What does the term hometown evoke to you? Is it a place that to look upon with nostalgic fondness, a place that you enjoyed as a child but have no intention going back to, except for visits? Is it a place that, like the movies, you left to grow as a person and will one day return to as a triumphant comeback kid or is it the place that shaped you already, and you left under some misguided belief that what is out there is better, and you are more, but really, you are bound to return the same?
As someone who went to school (shout out to Brooklyn Law School!) and currently commutes to work into New York City, I hear of all sorts of hometown concepts. Some people view their hometown as backwards and a place of shame; some view it as a place they outgrew. There are those who came to New York to grow and have more opportunities, but still view their home as a place to go back to when the time is right. There are those from different states, countries, continents who would never return, and those who are using New York as the stepping stone to good fortune that they can share with those back home.
There are people who are using the current epidemic and quarantine as an opportunity to move back to their hometown with a private sigh of relief or a kick in the ass, depending on who you ask. They go back to their family seat, basking in the warmth of childhood: family dinners, walks with dad, hugs from mom. They save money through home cooked meals and have a chance to regroup and make decisions without the threat of a rent payment or social commitment hanging over their heads: Should I stay or should I go? Have I actually gotten what I want out of life, or is this what I’ve been missing this whole time? Some will not return to their “homes away from home” after all of this is over. It is a beautiful luxury, a privilege.
And yet, there are those who can’t go back home, who have found themselves in the awkward position of being where they are and finally realized where they’ve wanted to be the whole time: Home. And wherever they are living just isn’t cutting it.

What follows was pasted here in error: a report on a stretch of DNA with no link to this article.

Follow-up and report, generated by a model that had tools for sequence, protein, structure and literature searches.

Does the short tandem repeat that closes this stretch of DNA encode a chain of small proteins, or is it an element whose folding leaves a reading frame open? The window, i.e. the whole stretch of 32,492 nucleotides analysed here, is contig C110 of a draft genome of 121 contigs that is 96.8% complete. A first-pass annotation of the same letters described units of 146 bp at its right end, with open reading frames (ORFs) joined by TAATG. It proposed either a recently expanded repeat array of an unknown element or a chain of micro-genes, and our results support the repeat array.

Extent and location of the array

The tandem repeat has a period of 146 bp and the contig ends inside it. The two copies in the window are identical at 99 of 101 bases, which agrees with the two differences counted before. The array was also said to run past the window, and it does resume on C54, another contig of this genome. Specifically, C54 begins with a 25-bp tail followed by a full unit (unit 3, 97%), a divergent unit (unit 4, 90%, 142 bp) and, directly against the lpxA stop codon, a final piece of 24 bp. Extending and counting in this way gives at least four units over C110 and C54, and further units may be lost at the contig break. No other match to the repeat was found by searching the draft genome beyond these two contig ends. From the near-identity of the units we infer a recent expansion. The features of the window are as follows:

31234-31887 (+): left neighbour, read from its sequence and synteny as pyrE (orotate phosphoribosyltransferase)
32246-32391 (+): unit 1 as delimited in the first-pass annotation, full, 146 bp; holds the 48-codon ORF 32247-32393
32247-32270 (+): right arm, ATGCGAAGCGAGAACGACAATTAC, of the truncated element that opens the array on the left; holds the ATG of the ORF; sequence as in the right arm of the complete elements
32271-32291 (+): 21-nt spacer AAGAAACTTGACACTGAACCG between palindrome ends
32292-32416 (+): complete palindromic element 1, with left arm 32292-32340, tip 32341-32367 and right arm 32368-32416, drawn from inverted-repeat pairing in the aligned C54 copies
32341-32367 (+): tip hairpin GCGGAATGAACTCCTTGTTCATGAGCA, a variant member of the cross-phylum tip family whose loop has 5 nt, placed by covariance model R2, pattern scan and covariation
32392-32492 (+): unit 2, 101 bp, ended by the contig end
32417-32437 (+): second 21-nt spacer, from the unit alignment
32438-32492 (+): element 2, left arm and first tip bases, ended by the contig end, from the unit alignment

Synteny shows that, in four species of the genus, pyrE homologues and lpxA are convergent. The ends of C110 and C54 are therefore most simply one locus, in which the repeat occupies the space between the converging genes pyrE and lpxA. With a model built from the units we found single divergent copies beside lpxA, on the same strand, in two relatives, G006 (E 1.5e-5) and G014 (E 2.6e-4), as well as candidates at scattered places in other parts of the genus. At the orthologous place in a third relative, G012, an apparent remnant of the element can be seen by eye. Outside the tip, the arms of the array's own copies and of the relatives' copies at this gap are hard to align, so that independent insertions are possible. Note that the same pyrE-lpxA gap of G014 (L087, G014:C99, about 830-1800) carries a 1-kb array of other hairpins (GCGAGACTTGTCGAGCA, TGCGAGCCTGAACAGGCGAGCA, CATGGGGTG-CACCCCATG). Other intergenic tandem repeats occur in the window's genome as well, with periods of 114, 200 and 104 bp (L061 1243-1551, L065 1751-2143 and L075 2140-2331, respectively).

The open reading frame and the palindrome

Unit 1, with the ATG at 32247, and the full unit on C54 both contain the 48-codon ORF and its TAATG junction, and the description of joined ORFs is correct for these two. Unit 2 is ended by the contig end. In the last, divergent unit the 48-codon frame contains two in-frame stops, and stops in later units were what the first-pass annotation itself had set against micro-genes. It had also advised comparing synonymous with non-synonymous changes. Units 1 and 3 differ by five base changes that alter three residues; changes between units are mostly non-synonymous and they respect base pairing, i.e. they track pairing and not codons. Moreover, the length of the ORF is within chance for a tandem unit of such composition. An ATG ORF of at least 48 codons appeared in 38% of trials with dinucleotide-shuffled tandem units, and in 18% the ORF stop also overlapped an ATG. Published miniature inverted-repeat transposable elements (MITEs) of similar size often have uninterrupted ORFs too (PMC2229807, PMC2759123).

My hometown is smaller than most and came with it’s own unique set of challenges for someone trying to grow. No opportunity to grow unless you had an “in;” not much of an ability to go to school unless you left the town. The industries were limited, the rules of living were strict, and the community could be extremely divisive based on how you make your living, where you vote, and how you pay your taxes. Like in any small town, there was gossip and heartache, and your business was rarely just your own. The winters were brutal and at times, the isolation from the “rest of the world” was suffocating.
And yet, it was beautiful.
People were tight knit and supportive even when in the midst of a disagreement, family was always a bike ride away, and when in doubt, there was always the beach. We made due and paid dues, and at the end of the day, the community always had your back. When the streets flooded, someone was there with waders for you. When your car got stuck on the beach, someone was there to tow you out. Snow was dug out, soup was made, and doors were open. No one was left hungry. Your problems were never your own, for better or for worse. It was the epitome of community.
The physical home I once knew is gone, family members have moved, but the town lives on. As I sit in a town that I have ended up living in, after nature took its course and decisions were made, I don’t have a single regret, except that I can’t get back home. Not to the home of the now, but to the home of the “then,” the before. My hometown. And it is in times like these, times of strife and hardship, that you really get to realize what you miss most.